Amphetamines are a powerful and intense psychostimulant drug which affects several vital neurotransmitters in the brain including norepinephrine, dopamine, and serotonin, which induces intense feelings of euphoria. Amphetamines typically do not cause the onset of a physical dependency, however many users become tremendously psychologically dependent on the drug. Many users tend to become addicted after the first use due to the fast and intense high caused by the drug. Amphetamines were designed with the intentions to boost concentration and enhance performance, however recreational use of the drug often leads to an amphetamine addiction. Amphetamines are primarily found in the form of a pill, which is usually taken orally, snorted, injected, or smoked. Due to the low tolerance of this drug, it can often be very challenging for amphetamine addicts to stop using the drug. Amphetamines are commonly used illegally among high school and college students to help them stay up, and in athletes to boost their performance. These drugs are also used for staying up all night partying and dancing. Many users of these substances abuse other drugs within the same class, and must attend rehabilitation programs including cocaine addiction treatment, and meth addiction treatment and recovery.
Effects of Amphetamines
Being as though amphetamines are highly addictive psychologically, they can cause users to suffered a great deal of consequences both short term and long term. Some of the short and long-term effects associated with a dependency on amphetamines includes:
Extreme and abrupt mood changes
Repetitive and obsessive behaviors
Impaired brain functioning
Disturbed sleep patterns and sleeping difficulties
Exhibiting aggressive and violent behavior
Loss of financial stability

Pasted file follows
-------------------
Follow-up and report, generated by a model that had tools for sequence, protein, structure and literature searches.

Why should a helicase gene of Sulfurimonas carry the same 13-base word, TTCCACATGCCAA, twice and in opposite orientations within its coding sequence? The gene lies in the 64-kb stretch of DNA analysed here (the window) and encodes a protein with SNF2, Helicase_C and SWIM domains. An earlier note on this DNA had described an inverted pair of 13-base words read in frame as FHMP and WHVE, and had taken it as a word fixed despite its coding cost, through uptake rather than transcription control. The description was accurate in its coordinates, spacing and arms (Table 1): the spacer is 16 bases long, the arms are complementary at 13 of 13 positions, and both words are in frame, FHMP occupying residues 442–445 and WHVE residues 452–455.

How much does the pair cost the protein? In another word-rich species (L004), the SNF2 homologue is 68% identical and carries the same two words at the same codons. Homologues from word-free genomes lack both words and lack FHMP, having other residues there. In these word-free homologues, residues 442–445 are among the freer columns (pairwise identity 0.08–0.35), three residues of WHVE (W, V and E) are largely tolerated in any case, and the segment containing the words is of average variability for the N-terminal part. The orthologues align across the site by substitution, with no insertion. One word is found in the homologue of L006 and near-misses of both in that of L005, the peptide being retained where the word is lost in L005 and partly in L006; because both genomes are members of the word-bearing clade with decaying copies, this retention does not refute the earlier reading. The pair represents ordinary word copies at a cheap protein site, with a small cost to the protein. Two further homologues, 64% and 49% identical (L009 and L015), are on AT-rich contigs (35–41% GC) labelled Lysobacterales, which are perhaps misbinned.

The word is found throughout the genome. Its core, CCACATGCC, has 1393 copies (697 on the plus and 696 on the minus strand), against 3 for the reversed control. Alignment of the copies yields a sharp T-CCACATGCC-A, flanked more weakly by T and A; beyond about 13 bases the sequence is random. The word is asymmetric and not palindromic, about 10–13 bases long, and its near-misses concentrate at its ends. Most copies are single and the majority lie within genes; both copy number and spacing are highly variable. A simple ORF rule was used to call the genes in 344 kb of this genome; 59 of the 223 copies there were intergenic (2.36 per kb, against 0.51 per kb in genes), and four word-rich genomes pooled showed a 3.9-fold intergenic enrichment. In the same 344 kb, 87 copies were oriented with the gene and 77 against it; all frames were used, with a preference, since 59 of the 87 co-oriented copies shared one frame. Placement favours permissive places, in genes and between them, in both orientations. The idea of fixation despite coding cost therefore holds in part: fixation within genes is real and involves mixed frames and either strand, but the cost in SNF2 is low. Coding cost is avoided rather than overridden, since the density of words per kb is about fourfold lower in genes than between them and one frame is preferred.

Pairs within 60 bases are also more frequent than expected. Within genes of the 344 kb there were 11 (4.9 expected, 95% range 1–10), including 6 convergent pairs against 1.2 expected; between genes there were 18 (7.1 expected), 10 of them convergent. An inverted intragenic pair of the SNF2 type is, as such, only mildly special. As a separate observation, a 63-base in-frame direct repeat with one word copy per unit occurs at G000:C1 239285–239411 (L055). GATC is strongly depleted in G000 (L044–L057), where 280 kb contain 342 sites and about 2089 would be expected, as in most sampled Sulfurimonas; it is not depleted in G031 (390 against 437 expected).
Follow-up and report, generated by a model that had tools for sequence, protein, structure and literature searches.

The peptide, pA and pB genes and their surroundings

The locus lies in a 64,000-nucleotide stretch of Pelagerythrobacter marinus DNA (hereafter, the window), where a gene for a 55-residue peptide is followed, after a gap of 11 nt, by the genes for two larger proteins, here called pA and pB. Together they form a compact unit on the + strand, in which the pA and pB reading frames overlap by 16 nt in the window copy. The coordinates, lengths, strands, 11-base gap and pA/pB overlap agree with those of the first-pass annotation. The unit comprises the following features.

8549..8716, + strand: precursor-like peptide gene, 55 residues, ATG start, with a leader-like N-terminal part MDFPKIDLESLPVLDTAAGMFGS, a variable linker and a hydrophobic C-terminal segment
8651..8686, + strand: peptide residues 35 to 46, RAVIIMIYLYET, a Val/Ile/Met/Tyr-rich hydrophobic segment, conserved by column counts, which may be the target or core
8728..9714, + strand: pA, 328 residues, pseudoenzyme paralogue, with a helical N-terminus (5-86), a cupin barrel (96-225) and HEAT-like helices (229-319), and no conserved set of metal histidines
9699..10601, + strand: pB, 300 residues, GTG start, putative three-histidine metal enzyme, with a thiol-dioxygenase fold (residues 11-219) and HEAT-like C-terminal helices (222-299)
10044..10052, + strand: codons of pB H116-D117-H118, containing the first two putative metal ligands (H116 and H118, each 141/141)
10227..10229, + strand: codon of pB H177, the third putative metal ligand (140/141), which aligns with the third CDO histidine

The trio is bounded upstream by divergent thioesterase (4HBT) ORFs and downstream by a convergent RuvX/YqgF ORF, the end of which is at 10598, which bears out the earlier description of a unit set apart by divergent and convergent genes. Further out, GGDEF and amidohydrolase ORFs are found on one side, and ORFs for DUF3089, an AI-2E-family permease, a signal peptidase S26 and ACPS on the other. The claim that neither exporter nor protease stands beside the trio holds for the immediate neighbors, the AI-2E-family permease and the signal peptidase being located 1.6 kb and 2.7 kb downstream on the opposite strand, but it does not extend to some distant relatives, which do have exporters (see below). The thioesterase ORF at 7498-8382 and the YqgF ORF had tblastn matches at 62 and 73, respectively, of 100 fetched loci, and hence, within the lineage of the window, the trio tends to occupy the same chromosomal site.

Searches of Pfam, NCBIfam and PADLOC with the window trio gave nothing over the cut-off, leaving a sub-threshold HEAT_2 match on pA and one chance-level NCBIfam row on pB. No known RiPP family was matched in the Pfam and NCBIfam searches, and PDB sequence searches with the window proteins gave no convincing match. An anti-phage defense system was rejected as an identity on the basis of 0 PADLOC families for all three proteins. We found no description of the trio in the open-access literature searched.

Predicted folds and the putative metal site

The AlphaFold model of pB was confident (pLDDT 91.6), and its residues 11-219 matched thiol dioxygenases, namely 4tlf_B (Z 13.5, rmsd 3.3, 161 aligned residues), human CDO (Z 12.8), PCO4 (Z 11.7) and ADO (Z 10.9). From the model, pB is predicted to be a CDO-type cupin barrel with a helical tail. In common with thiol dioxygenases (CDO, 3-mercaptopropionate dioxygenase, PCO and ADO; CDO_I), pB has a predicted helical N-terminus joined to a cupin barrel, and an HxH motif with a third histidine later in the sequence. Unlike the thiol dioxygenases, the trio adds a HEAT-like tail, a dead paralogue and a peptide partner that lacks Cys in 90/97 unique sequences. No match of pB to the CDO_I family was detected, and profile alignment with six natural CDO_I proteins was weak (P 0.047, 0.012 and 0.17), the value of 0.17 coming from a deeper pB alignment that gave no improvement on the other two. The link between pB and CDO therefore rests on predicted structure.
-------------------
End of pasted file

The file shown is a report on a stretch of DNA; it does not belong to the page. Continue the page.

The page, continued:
Drastic weight loss
Broken interpersonal relationships
Amphetamine Withdrawal Symptoms
Despite amphetamines not being physically addictive, there are still some physical amphetamine withdrawal symptoms amphetamine users will experience. However, for the most part users will experience mainly psychological withdrawal symptoms. Withdrawal from amphetamines typically onset within hours of amphetamine use being reduced or completely stopped. These withdrawal symptoms typically last for several days, and in some cases months. The severity and longevity of the withdrawal phase from amphetamines typically depends on the quantity of amphetamines used and the longevity of use. Some of the common withdrawal symptoms experienced by amphetamine users include:
Intense cravings for amphetamines
Amphetamine Withdrawal - Recognizing the Need for Professional Help
If you suspect that yourself or a loved one may be faced with a problem of amphetamine abuse or addiction or that amphetamine withdrawal symptoms are taking place, look for the following signs which commonly indicate the presence of an amphetamine use problem:
Loss of control over amphetamine use
Development of a tolerance for amphetamines
Lying, cheating, and/or stealing to obtain amphetamines
Experiencing sudden health complications as a result of using amphetamines
Extreme and abrupt changes in behavior
Denial of amphetamine use problem
Isolating oneself to hide amphetamine use
Using amphetamines outside of their
Inability to stop using amphetamines
Experiencing symptoms of amphetamine withdrawal if not under the influence of the drug
Lack of upkeep in physical appearance and grooming
Experiencing feelings of guilt in relation to use of amphetamines
Treatment for Amphetamine Dependence
Generally, those who are withdrawing from amphetamines have higher success rates when treated by a medical professional. Seeking professional treatment can help ensure safety, in addition to effective treatment. Amphetamines causes its users to experience a psychological dependence, the use of psychotherapeutic approaches are highly effective in treating withdrawal from amphetamines. Individual counseling, family counseling, and group therapy are primarily used, these approaches typically help the users identify the root of their addiction and teaches recovering addicts effective coping techniques. Medication is also used as a means to ease the severity of amphetamine withdrawal symptoms. Methylphenidate, fluoxetine, and imipramine are generally used to treat amphetamine dependencies. Other medications are also used to treat symptoms of anxiety, depression, and aggression.
If you believe that you or a loved one may be suffering from an amphetamine addiction, it is important to seek professional help to be sure. Harbor Village can help you treat your addiction and achieve a lifetime recovery, give us a call today!
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